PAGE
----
Legislation pending in Congress would allow state and local governments to use tax-exempt private-activity bonds to finance building or refurbishing grocery stores and other fresh produce businesses in 20 cities with "food deserts."
A food desert is defined, in the farm bill enacted last year, as an area "with limited access to affordable and nutritious food, particularly such an area composed of predominantly lower-income neighborhoods and communities." The farm bill also called for research into incentives for retail food market development, including supermarkets, small grocery stores, and farmers' markets in relation to the food desert phenomenon.
The "Food Desert Oasis Act of 2009," introduced in late June by Rep. Bobby Rush, D-Ill., would expand the exempt facility category of private-activity bonds to include state and local bonds issued to fund wholesale or retail businesses that are tax-paying entities and derive at least 25% of their gross revenues from selling fresh fruits and vegetables.
The bill, which is pending in two House committees, would require the bonds to be issued by Dec. 31, 2015.
The legislation identifies 20 cities as having "food desert zones." States or political subdivisions that contain such zones would be allowed to issue up to $20 million of the newly created PABs for each zone, for a national total of $400 million.
Currently, the tax code allows exempt facility bonds to be issued to finance projects ranging from airports and docks to sewage and water facilities, as well as qualified residential rental projects. About $2.7 billion of exempt facility bonds were issued in 2008, according to an a survey by the Council of Development Finance Agencies.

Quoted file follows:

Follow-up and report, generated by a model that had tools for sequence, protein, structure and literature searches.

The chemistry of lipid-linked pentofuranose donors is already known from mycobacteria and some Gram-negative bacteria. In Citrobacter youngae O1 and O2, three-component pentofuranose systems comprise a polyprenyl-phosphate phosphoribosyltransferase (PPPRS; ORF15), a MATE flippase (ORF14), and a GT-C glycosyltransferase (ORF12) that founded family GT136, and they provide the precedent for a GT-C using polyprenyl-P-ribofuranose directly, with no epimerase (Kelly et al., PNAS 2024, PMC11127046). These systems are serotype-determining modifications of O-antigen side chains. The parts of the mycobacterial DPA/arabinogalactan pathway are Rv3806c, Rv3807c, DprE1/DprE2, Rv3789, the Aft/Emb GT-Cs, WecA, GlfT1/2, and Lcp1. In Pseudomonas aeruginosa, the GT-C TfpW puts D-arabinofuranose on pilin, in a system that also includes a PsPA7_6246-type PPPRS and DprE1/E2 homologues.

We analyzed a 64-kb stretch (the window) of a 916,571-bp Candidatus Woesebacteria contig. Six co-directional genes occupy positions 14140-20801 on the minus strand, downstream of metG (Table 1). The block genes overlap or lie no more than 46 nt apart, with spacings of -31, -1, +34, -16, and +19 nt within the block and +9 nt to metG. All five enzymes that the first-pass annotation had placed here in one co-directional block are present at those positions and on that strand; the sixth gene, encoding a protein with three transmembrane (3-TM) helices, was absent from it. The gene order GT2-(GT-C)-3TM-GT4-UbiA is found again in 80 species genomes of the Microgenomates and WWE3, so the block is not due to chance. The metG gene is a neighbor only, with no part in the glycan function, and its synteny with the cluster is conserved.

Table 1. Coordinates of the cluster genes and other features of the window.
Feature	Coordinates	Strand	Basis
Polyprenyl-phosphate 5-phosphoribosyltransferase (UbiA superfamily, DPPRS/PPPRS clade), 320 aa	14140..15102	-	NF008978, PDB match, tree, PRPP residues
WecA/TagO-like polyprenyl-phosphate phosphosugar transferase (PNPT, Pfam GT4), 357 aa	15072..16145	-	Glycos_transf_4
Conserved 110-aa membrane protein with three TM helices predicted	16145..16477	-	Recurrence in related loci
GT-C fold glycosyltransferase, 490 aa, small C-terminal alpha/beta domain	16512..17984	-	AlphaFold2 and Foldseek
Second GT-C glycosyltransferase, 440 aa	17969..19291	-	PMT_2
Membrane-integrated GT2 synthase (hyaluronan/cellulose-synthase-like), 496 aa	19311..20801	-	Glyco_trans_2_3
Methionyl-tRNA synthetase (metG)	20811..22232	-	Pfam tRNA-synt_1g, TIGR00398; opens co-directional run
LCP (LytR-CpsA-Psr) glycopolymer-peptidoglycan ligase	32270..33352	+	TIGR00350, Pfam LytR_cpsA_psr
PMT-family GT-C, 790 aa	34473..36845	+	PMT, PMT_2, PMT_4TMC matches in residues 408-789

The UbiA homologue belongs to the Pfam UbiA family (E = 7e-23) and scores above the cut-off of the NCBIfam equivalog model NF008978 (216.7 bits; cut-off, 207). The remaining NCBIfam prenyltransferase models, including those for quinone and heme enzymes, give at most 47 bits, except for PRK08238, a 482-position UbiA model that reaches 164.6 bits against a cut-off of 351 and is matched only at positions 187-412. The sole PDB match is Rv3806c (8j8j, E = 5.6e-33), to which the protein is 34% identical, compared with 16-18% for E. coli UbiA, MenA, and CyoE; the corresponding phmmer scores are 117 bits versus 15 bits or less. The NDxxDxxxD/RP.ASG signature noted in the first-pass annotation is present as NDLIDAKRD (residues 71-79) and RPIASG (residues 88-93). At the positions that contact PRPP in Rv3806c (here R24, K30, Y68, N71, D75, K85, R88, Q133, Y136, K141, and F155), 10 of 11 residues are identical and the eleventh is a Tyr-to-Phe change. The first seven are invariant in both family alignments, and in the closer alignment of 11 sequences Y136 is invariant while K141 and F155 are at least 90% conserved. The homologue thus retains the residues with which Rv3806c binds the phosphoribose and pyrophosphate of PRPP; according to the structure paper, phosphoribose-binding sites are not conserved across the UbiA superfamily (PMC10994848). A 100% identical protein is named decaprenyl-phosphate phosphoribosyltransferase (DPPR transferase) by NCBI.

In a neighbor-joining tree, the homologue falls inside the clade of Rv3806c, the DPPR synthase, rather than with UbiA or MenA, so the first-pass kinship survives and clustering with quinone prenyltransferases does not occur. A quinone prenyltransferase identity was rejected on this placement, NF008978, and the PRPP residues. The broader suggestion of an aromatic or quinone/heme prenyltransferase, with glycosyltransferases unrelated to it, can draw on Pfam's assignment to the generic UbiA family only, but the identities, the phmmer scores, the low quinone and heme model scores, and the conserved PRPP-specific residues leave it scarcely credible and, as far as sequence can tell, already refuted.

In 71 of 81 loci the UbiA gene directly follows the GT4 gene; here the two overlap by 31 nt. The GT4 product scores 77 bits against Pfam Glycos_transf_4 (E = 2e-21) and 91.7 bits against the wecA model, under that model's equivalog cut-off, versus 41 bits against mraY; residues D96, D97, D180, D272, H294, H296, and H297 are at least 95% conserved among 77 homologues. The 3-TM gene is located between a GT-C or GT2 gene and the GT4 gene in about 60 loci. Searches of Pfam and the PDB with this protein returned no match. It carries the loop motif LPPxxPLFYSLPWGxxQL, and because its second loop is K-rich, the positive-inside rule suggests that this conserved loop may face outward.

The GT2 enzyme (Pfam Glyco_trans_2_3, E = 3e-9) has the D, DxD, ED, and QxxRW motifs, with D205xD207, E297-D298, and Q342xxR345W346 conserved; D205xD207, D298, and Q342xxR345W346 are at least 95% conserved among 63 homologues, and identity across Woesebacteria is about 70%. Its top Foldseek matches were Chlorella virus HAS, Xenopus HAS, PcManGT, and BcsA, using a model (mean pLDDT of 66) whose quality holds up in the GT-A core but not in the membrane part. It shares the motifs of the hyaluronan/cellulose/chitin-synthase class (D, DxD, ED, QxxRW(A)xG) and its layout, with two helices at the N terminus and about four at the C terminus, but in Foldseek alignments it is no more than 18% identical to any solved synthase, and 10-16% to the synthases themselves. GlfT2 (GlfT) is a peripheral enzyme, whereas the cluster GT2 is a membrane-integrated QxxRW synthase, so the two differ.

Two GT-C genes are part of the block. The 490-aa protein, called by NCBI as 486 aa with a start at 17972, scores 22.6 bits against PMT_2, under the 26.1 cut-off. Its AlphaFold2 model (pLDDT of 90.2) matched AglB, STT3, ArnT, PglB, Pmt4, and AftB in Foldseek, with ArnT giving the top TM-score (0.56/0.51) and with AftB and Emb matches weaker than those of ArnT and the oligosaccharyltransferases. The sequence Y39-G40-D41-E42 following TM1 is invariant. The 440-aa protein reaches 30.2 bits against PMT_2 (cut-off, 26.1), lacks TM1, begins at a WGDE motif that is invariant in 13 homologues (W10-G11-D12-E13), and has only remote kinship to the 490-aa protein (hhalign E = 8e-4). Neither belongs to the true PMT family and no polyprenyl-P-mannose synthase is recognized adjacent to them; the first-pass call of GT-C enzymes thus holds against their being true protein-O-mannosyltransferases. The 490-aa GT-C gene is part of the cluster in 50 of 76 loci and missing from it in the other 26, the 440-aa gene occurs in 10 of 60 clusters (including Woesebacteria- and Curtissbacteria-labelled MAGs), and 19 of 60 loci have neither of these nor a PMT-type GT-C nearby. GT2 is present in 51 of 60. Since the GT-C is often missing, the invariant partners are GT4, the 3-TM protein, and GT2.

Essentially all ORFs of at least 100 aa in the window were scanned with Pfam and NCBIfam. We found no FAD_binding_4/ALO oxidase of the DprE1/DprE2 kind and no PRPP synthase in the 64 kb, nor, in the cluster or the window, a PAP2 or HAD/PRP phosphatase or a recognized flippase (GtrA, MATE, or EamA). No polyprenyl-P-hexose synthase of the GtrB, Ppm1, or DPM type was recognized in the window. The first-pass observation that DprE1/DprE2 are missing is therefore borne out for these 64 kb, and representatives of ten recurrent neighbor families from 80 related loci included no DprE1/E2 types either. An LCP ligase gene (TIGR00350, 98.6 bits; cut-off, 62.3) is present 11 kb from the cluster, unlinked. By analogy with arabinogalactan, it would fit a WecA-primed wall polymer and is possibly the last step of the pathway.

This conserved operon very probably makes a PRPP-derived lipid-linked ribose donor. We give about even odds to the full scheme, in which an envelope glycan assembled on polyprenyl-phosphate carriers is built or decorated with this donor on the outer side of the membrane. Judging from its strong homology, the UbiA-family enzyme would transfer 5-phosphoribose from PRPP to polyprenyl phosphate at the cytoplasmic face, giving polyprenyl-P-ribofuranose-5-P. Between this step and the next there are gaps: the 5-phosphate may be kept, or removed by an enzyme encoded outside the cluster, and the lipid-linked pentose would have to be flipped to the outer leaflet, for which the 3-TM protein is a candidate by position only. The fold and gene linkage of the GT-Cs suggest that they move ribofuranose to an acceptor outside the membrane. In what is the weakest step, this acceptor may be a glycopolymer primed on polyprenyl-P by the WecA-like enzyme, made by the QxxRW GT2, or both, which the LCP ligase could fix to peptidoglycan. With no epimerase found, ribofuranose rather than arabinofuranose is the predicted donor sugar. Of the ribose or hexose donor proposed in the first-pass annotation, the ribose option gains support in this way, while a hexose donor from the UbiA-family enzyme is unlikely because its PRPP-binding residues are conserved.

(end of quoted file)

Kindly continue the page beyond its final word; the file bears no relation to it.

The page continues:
Under the pending legislation, at least 95% of food desert bond proceeds would have to be used to buy, construct, reconstruct, or renovate nonresidential real estate within 20 zones that have limited access to fresh produce.
The bill would establish such food desert zones within the cities of Atlanta, Baltimore, Birmingham, Chicago, Cincinnati, Cleveland, Detroit, Houston, Indianapolis, Kansas City, Mo., Los Angeles, Memphis, Milwaukee, Nashville, New Orleans, Philadelphia, Richmond, San Antonio, and St. Louis, as well as the District of Columbia.
"I support ... the movement for food access in America's food deserts," Rush said earlier this year.
In addition to providing federal incentives for the construction of food stores, Rush's bill would require the Treasury secretary to give Congress annual reports on the food desert bonds. It also would increase the tax credit that qualified businesses can claim for qualified rehabilitation expenditures.
So far, states have taken the lead in implementing programs to provide tax incentives or funding for food vendors in underserved areas.
Pennsylvania launched a program called the Fresh Food Financing Initiative in 2004 that uses a public-private partnership model to fund such projects. The commonwealth partnered with nonprofits and provided $30 million of commonwealth funds to support the initiative, which has funded more than 50 projects that are expected to provide more than 1.2 million square feet of retail food space across Pennsylvania, according to Gov. Edward G. Rendell.
Illinois and Louisiana recently created similar programs. Illinois will offer tax credits and exemptions for new and existing stores in order to mitigate food shortages in certain "food desert" areas. Louisiana established a financing program that will provide grants and loans to retailers to increase access to "fresh fruits and vegetables and other affordable healthy food in underserved communities."
New Jersey and New York are also currently considering similar funding programs, according to the U.S. Department of Agriculture.